Walter Brown shared the same passion for sports as his father, George V. Brown, one of the pioneers of hockey in the United States. After succeeding his father as manager of the Boston Garden, in 1937, he expanded his influence overseas and into a multitude of sports and entertainment activities.
The Boston native worked constantly to promote hockey in the Boston area and was a major booster of the high school and college game. He often arranged to take amateur teams to Europe for tournaments and exhibition tours. He coached the amateur Boston Olympics to five national titles between 1930 and 1940. Included in this was a stunning 2-1 win over Canada when this club brought the United States its first ever world Championship in 1933. Brown also guided the United States to the silver medal at the 1931 and 1934 world championships and a bronze at the 1936 Olympics at Garmisch-Partenkirchen, Germany.
When the financially troubled Boston Bruins were taken over by the Boston Garden Corporation in 1951, Brown became the team's president and helped stabilize matters on and off the ice. As the decade wore on, he focused on giving the United States a higher profile in international hockey circles. He worked hard to foster a strong relationship with the International Ice Hockey Federation and served as the vice-president of that body twice and the president from 1954-57. In 1960 he was the chairman of the United States squad that won gold at the Squaw Valley Olympics.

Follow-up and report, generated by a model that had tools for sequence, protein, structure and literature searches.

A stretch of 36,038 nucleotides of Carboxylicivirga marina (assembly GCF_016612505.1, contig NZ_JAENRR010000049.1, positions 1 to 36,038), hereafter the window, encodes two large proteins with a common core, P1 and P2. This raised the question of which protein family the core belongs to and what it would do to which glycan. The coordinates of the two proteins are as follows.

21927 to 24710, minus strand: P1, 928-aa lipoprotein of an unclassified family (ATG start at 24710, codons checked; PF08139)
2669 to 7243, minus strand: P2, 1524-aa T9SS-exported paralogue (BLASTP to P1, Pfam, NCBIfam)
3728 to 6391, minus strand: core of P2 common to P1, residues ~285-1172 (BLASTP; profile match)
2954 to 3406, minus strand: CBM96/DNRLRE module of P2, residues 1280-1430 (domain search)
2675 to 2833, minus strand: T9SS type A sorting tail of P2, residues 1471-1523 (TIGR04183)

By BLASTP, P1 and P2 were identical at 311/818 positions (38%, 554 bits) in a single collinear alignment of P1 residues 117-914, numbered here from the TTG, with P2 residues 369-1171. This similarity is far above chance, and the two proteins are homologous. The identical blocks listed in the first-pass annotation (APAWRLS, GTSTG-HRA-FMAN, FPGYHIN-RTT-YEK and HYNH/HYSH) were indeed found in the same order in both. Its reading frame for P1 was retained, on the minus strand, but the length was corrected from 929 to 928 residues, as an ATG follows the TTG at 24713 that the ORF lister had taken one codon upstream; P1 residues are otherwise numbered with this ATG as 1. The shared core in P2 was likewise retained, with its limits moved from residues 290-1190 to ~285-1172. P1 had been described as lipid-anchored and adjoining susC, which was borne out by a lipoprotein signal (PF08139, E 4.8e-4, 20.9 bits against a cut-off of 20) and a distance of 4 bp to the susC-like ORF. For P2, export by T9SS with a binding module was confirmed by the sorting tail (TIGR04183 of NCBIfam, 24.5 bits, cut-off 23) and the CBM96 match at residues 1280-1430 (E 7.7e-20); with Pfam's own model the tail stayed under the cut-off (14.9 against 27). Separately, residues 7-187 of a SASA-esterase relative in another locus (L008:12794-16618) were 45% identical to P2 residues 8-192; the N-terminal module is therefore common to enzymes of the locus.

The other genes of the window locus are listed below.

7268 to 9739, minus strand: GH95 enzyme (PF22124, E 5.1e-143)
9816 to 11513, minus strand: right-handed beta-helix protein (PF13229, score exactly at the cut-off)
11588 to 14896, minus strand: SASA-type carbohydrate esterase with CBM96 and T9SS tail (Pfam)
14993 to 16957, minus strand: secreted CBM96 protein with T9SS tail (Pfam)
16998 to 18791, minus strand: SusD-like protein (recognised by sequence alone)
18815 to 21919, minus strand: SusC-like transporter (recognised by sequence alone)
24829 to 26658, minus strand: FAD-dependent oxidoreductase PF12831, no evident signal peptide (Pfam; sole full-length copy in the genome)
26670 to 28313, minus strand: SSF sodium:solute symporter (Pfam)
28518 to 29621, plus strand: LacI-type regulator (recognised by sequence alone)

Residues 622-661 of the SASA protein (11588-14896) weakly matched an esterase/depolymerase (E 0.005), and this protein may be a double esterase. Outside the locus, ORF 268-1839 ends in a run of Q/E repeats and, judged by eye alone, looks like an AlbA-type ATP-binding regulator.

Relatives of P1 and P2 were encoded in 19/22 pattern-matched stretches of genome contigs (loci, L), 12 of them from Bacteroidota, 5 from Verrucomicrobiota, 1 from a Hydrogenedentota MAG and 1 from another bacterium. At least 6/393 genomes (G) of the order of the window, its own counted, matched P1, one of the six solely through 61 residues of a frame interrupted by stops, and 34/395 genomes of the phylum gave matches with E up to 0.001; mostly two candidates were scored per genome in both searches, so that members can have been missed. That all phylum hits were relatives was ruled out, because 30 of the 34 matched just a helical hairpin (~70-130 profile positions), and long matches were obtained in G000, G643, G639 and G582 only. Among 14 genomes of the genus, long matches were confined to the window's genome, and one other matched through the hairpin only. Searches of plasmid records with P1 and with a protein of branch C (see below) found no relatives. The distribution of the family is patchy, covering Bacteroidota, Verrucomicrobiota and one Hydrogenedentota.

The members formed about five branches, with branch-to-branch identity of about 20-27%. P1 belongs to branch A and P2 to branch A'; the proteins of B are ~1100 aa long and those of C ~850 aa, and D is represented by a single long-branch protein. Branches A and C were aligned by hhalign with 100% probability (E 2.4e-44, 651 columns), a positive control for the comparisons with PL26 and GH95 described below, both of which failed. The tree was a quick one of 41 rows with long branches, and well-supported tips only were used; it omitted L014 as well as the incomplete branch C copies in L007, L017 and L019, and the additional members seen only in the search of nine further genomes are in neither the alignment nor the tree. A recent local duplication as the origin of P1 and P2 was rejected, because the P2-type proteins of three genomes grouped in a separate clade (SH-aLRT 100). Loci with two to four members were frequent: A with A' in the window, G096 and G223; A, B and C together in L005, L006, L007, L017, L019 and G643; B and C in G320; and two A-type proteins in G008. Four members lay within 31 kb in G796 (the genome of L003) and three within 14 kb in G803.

Brown was a rarity in hockey at this time since he was respected in both the amateur and professional circles. His gift of diplomacy and sincere love of the game served him well when dealing with these often juxtaposed interests.
Diversity and varied skills were among Brown's finest qualities. He worked on the Hockey Hall of Fame Governing Committee, was chairman of the Basketball Hall of Fame, and worked hard to make the Boston Bruins competitive and the NBA's Boston Celtics a dynasty. Under his management the Boston Garden was the scene of wide range of sporting promotions such as indoor ski jumping which attracted the world's top Olympians. He also founded the Ice Follies and Ice Capades and was a supporter of the Variety Club of America, the Boys Clubs of Boston and the Boy Scouts of America.
Brown's passing in 1964 touched a great many people. A few days after his death, a round-robin tournament was initiated in Colorado Springs, Colorado. Teams representing Canada, the Soviet Union, Czechoslovakia and the United States were brought together to compete for the Walter A. Brown Memorial trophy. In his home area, the annual Walter Brown Award was established in recognition of the top American-born player attending a New England college.
He was elected into the Hockey Hall of Fame in 1962.